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The United States of Cruelty

This from Charles Pierce is brilliant.  Was about to put it into quick hits, but didn’t want to bog those down with a quote this long:

We cheer for cruelty and say that we are asking for personal responsibility among those people who are not us, because the people who are not us do not deserve the same benefits of the political commonwealth that we have. In our politics, we have become masters of camouflage. We practice fiscal cruelty and call it an economy. We practice legal cruelty and call it justice. We practice environmental cruelty and call it opportunity. We practice vicarious cruelty and call it entertainment. We practice rhetorical cruelty and call it debate. We set the best instincts of ourselves in conflict with each other until they tear each other to ribbons, and until they are no longer our best instincts but something dark and bitter and corroborate with itself. And then it fights all the institutions that our best instincts once supported, all the elements of the political commonwealth that we once thought permanent, all the arguments that we once thought settled — until there is a terrible kind of moral self-destruction that touches those institutions and leaves them soft and fragile and, eventually, evanescent. We do all these things, cruelty running through them like hot blood, and we call it our politics.

Because of that, the daily gunplay no longer surprises us. The rising rates of poverty no longer surprise us. The chaos of our lunatic public discourse no longer surprises us. We make war based on lies and deceit because cruelty is seen to be enough, seen to be the immutable law of the modern world. We make policy based on being as tough as we can on the weakest among us, because cruelty is seen to be enough, seen to be the fundamental morality behind what ultimately is merely the law of the jungle. We do all these things, cruelty running through them like a cold river, and we call it our politics.

It does not have to be this way.

Quick hits

1) On the fashions of World Cup soccer coaches.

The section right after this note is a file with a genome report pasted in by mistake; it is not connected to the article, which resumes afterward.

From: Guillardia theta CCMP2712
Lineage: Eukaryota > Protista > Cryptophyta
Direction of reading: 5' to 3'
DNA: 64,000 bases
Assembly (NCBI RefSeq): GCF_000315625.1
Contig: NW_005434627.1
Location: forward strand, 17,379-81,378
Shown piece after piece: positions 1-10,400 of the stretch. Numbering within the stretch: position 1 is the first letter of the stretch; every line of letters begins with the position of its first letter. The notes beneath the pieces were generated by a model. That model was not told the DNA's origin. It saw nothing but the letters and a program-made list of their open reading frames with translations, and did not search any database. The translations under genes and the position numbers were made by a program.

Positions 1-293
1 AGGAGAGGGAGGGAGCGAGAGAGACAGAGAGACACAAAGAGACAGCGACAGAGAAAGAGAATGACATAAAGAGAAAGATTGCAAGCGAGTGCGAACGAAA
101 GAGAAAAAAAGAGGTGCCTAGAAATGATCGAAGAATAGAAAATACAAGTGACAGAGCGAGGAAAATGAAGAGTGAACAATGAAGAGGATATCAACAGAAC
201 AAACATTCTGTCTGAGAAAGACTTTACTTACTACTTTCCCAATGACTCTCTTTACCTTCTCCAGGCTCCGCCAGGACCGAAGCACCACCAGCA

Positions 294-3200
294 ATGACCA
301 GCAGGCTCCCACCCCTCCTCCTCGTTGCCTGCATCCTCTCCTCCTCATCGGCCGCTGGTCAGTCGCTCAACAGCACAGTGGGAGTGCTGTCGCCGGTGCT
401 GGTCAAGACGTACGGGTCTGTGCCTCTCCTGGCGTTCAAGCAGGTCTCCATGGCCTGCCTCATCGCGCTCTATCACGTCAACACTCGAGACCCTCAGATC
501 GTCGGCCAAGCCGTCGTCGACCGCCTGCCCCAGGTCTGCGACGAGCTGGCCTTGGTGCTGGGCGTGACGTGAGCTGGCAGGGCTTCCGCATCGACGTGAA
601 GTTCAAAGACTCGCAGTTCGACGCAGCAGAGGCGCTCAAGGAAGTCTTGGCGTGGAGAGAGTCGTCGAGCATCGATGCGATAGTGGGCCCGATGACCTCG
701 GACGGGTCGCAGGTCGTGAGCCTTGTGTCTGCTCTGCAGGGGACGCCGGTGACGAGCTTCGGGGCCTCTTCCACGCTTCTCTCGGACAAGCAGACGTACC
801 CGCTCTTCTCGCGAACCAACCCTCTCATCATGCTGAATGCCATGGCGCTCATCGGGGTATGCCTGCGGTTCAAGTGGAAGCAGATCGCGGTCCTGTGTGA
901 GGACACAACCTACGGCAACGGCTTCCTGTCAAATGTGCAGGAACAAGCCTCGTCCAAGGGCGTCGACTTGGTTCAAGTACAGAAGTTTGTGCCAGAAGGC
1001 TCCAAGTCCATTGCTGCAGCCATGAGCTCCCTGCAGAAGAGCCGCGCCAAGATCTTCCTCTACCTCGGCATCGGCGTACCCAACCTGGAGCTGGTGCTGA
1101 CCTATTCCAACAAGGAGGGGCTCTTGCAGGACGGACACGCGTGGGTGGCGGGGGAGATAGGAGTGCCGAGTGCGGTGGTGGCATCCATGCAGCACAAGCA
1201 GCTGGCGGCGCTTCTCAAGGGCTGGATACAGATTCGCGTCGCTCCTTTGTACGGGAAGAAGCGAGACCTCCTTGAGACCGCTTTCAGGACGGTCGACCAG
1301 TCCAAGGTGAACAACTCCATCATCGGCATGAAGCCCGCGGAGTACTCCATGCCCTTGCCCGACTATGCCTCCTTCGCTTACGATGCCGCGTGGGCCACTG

2) New Republic has a new Jonathan Cohn-led policy blog.  I’m looking forward to good stuff.

3) Really wanted to give this own post since I’m always fascinated by IUD policy, but it’s just not happening.  Anyway, good Slate story about an Ohio legislator who wants to ban coverage for IUD’s (while admitting he doesn’t actually know anything about medicine).

4) So, what do those extra thousands for a premium DSLR lens really get you anyway?

5) How Americans pronounce common tech words (I had no idea some people say “wiffy.”)  And it’s .gif with a soft “g” damnit!

6) Sticking with language, love this on words that are most known to only men or only women.  Two thoughts… Paladin!!  and damn, I thought I’d know more of the “women” words.

7) I’ve only remembered to try this with a paper towel once, but it didn’t quite work.  Maybe I need to shake more.

8) Nice NPR story on trying to be a better parent.

9) It’s really kind of pathetic that it has taken this long to have the technology in place to allow planes to have consistently descending glide paths in their landings.  The good news is that it finally is and that it saves a ton of jet fuel.

10) Loved this on the under-performance of top NBA draft picks.  And 538 makes the case that teams should draft college sophomores (I just don’t think freshman year is always a good enough sample size for prediction).

11) Yes, sports heavy week.  Loved this Atlantic piece on the siblings of World Cup players, especially Clint Dempsey’s big brother.

12) The relationship between political attitudes on guns and abortion.  Richard Nixon brings it all together.

13)Science, politics, and NC beaches.  Personally, I just hope Topsail Beach lasts long enough for me to take my grandkids there.

14) Jeffrey Toobin on when the Constitution itself gets it wrong and (again) the folly of Scalia’s originalism.

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